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Weleda Rosemary Shampoo

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£3.99 Best Offer by: amazon.co.uk marketplace See more offers
1 Review

Brand: Weleda / Hair Care Type: Shampoo / Type: Hair Shampoo / Suitable for: Hair / Helps against: Anti-Dandruff / Hair type: dry hair

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      17.02.2003 00:59
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      “A penetrating and stimulating oil” is aromatherapist Christine Westwood’s description of rosemary essential oil. According to her book, “Aromatherapy: a guide for home use,” it can be used to combat conditions from baldness and dandruff to Monday-morning feeling. A rosemary shampoo has got be good, then! The best thing about Weleda’s rosemary shampoo is that it makes my dark brown hair strikingly shiny. It doesn’t really make you smell like a leg of lamb, but has a clear fresh rosemary scent which helps wake you up mentally and physically when you use it. One wash is usually enough to leave my hair clean and glossy and I don’t need conditioner afterwards (though Weleda do sell a rosemary conditioner). As well as rosemary essential oil, it also contains rosemary tincture and lavender oil. The latter has countless therapeutic uses. Those which seem particularly relevant to hair products are headaches and baldness; it’s also a very soothing oil, both to the skin and to the nerves. Another aromatherapy book – Principles of Aromatherapy by Cathy Hopkins – recommends both lavender and rosemary for dry hair and normal hair, and rosemary for greasy hair, baldness and dandruff too. My hair is fairly problem-free, so I suppose it would be classed as normal. It does have a lot of nasty London grime to contend with though. Like almost all shampoos, shower gels and similar products, this shampoo contains less beneficial ingredients like sodium laureth sulfate, which is known to chemists and complementary health practitioners as a skin irritant! It doesn’t seem to upset my skin, though. It is quite hard to find a shampoo which does not contain this chemical, though I have seen one in the organic supermarket chain Fresh and Wild, in London. I found this shampoo different in consistency to most. It is noticeably runnier, though it still has
      much more of a gel-like consistency than a watery one. This isn’t a minus point, it’s just unusual. Another – possibly related - out-of-the-ordinary feature is that the instructions on the bottle actually tell you to shake the bottle before use, presumably to mix the ingredients up. I’ve grown to like the brief shaking ritual every morning during the 4 months or so that I’ve used it. In a strange sort of way it makes me feel like this shampoo is closer to a hand-made herbal concoction than a mass-produced run-of-the-mill product. Of course this is only a rose-tinted illusion, but anything that makes me feel better in the mornings is not to be knocked. My bottle of Weleda rosemary shampoo contains 250ml. It is made from opaque white plastic with a turquoise design. It looks completely different from the picture on this page, but it is the same product! I bought it in Sainsbury’s, where they had it in the new-ish “well-being” aisle with the organic herbal teas and gluten free bread. It can also be ordered online at http://www.weleda.co.uk/index.htm - £3.20 for 250ml. It says on the bottle that Weleda does not test its products on animals. On its website, the company asserts that “At Weleda we either prepare ingredients ourselves from plants which we grow bio-dynamically, or purchase from suppliers who give written confirmation that the substances have not been tested on animals after 1985.” Animal charities such as the British Union for the Abolition of Vivisection recommend Weleda toiletries. Want to know more about Weleda? The company was founded in Switzerland in 1921 and opened its first UK base 4 years later. Their philosophy is to promote health and beauty in an eco-friendly way (although their shampoos now come in plastic bottles, this is apparently for safety reasons: glass bottles are not felt to be safe for the bathroom). Homeopathic medicines form a large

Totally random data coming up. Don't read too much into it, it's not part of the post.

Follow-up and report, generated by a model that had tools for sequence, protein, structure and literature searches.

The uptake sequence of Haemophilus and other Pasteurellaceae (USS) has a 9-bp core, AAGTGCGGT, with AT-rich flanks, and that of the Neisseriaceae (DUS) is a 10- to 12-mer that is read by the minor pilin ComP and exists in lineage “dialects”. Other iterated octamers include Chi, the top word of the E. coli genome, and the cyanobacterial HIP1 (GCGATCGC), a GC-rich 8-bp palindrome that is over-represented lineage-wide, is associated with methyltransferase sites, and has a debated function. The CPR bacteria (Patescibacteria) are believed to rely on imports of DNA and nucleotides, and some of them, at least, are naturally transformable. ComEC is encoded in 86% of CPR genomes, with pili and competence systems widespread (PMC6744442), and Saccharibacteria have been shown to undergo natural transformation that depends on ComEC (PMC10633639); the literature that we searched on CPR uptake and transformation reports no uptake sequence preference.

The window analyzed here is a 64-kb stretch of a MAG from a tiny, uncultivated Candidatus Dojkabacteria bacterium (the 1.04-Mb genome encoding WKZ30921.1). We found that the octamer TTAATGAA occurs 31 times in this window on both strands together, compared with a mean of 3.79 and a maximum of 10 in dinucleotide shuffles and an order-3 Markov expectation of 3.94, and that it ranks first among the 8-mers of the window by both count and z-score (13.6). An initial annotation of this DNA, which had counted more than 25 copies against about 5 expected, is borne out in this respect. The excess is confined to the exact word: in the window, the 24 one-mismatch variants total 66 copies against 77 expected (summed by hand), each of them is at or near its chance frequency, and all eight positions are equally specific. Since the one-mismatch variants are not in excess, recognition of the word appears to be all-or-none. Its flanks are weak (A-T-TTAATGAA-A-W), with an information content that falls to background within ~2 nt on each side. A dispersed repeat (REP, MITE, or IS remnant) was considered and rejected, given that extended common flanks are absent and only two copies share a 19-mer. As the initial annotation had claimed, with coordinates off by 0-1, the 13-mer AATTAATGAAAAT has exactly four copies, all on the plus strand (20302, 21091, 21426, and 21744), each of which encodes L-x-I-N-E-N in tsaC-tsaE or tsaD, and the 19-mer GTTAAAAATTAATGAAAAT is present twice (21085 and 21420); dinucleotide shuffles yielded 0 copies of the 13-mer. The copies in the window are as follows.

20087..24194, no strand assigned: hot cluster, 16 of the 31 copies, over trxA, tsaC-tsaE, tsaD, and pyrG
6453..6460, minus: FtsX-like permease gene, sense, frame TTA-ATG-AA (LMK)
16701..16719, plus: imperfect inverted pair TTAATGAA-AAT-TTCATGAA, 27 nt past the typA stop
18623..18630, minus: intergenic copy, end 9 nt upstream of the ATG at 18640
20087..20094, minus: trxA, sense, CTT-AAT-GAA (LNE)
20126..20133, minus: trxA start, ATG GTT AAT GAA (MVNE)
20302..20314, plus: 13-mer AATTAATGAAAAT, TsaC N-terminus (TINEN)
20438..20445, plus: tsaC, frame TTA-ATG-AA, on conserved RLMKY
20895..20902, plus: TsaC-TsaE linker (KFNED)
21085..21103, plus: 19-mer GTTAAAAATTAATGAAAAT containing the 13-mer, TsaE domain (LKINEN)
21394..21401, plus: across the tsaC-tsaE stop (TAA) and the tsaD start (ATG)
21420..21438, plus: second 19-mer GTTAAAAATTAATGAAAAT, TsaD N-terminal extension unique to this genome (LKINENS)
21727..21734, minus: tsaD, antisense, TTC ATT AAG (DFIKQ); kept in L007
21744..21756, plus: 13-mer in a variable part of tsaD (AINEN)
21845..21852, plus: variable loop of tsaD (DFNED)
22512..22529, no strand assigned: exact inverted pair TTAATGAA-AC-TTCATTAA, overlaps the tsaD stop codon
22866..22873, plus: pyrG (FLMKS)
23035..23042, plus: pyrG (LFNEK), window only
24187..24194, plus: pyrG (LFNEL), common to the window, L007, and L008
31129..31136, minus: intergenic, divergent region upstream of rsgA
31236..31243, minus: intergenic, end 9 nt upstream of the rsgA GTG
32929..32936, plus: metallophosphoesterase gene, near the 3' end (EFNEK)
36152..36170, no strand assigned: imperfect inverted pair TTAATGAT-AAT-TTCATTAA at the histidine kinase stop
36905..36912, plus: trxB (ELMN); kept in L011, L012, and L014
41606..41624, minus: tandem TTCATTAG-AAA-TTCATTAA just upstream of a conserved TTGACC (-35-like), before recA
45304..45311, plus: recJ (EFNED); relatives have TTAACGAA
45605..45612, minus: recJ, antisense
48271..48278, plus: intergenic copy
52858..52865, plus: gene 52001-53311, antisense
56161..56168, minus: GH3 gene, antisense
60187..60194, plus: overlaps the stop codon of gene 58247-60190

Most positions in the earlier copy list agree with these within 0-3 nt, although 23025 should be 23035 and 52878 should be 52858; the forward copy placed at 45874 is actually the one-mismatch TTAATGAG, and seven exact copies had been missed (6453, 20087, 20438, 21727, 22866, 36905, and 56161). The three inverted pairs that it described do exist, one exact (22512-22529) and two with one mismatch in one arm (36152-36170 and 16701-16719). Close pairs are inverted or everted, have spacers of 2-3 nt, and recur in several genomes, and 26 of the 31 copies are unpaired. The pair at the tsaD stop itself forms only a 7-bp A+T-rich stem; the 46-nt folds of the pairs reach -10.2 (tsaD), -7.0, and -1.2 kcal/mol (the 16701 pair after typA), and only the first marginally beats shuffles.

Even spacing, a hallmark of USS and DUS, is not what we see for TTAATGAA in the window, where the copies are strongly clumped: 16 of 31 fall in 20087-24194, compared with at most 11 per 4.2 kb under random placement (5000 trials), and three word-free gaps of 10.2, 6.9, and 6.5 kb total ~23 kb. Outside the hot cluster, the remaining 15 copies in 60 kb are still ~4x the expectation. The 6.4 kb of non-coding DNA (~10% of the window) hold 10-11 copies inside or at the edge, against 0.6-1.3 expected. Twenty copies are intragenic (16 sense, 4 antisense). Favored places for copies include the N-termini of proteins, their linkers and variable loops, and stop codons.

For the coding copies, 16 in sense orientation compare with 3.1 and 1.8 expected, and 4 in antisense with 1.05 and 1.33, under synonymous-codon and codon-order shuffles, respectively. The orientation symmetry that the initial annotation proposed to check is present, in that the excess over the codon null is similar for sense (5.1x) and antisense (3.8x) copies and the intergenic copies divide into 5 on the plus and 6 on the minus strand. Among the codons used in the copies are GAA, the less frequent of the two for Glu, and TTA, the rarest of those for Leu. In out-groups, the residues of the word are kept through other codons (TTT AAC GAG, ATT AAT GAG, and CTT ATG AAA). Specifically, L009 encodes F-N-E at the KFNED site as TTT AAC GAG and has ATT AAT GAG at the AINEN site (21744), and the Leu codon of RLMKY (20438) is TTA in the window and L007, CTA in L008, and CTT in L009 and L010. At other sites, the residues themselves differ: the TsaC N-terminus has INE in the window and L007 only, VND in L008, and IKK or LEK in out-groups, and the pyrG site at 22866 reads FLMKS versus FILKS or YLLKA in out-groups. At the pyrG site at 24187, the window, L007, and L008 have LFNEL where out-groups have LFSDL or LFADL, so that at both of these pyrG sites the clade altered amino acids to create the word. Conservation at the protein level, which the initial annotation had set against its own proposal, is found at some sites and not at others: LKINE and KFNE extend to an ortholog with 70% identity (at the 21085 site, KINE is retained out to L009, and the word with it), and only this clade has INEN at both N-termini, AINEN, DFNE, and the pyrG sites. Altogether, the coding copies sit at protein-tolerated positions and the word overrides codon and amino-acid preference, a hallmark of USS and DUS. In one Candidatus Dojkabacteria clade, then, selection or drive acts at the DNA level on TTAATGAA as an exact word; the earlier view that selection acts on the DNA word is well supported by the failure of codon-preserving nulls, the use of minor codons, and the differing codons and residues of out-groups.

propo rtio n of their output. Weleda was a historically documented priestess of healing who lived in modern-day Germany at the beginning of the Christian era. One final point to note for fair-haired Dooyoo-ers: rosemary shampoo probably won’t give such a good shine to blonde hair. It certainly does wonders for mine, though!

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    • Product Details

      The stimulating and revitalising properties of Rosemary and Lavender help condition hair and scalp / Regular use of Weleda Rosemary Shampoo and Conditioner helps the condition of permed, bleached or damaged hair and dry scalp / This robust / invigorating shampoo is perfect for medium to dark hair / Rosemary has been known for centuries for its restorative properties / Particularly known as a circulatory stimulant, in years gone by Rosemary was used as hair rinse for dandruff / So it is an ideal ingredient for dry hair and scalp /